lørdag den 6. juli 2013

"The Fountain": Darren Aronofsky forklarer sin film!

I aften viser DR2 Darren Aronofskys "The Fountain" fra 2006, hvor tre inkarnationer af Hugh Jackman gennem flere tusind år forsøger at redde sin hensygnende drømmekvinde (og eftersom hun spilles af Rachel Weisz, forstår man, hvorfor Hugh ikke vil give slip).

Hugh Jackman & Rachel Weisz i "The Fountain" (2006) | 20th Century Fox
Jagten på evigt liv er blot et af de store temaer, som Darren Aronofsky har proppet ind i sin ambitiøse sci-fi-romance, som han kæmpede for at realisere i seks år. "The Fountain" floppede forudsigeligt i biograferne, hvor langt de fleste afviste Aronofskys hjertebarn som en kringlet og prætentiøs omgang new age-pladder.

Jeg oplevede filmen første gang ved dens verdenspremiere i Venedig, og jeg hørte til det absolutte mindretal, der følte sig berørt af "The Fountain" og så den som en organisk, dybfølt og tænksom meditation over livet og døden. Det hjalp selvfølgelig også, at jeg dagen efter havde en halv time med Darren Aronofsky på Hotel Excelsior, hvor han beredvilligt og pædagogisk forklarede hele filmen for mig!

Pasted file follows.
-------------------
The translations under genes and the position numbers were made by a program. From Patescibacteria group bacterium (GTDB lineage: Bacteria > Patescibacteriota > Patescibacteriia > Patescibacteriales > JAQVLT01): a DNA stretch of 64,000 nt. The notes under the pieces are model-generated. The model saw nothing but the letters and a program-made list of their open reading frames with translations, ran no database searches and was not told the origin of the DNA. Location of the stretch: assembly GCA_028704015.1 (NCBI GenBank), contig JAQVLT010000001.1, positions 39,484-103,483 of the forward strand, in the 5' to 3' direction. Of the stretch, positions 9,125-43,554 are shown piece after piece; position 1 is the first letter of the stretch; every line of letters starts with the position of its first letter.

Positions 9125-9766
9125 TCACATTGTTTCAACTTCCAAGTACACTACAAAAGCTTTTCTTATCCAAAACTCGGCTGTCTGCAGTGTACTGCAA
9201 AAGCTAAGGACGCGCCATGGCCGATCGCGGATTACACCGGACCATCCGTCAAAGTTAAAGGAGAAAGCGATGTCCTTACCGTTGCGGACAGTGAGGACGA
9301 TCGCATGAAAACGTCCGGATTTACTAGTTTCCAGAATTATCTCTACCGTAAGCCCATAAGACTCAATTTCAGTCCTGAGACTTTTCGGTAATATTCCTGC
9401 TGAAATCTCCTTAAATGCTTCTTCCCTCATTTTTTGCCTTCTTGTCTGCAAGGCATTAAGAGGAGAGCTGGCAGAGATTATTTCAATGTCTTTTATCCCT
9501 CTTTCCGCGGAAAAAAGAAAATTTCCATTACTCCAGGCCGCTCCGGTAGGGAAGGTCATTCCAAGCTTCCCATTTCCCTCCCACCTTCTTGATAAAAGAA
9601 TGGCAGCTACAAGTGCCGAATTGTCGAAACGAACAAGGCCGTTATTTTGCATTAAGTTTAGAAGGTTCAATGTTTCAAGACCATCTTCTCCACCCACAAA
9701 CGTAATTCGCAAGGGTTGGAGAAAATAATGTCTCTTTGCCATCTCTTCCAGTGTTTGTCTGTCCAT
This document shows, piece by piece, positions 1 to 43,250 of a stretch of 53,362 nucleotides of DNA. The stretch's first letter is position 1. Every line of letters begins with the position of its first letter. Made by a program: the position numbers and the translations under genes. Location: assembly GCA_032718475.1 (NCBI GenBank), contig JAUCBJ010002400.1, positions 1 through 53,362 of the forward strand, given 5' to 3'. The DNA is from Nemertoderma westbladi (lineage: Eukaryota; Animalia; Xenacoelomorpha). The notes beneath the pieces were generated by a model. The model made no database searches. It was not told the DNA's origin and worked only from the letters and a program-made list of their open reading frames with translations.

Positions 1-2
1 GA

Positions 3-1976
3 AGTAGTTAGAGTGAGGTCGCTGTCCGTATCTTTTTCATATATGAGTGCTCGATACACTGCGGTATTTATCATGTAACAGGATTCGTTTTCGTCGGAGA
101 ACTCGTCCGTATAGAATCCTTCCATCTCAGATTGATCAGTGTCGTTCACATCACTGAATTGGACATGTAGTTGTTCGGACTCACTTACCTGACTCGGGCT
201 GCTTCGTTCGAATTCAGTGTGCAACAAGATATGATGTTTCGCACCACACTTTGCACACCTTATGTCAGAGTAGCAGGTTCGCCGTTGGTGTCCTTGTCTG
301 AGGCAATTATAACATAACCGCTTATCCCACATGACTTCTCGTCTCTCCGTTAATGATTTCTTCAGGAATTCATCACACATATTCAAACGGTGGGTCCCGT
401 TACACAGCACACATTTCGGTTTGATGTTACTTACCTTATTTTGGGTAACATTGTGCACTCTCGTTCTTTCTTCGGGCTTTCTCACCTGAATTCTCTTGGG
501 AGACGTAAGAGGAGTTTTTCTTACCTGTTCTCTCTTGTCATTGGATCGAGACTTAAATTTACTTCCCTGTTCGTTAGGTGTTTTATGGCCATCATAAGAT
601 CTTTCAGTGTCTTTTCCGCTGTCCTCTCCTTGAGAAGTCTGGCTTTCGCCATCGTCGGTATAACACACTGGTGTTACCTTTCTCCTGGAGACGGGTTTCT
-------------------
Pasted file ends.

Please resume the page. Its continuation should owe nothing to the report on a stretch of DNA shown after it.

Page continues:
(I øvrigt mødte jeg Aronofsky i selvsamme balsal, hvor middagsscenen i Sergio Leones "Once Upon a Time in America" er optaget - hvilket Aronofsky ikke var sen til at påpege med slet skjult nørdet begejstring. "Strukturen i "The Fountain" er i høj grad inspireret af "Once Upon a Time in America", fortalte Aronofsky mig.)

For foreign readers: The following is my previously unpublished interview with Darren Aronofsky from the Venice Film Festival 2006, in which he talks in depth about his ideas behind "The Fountain".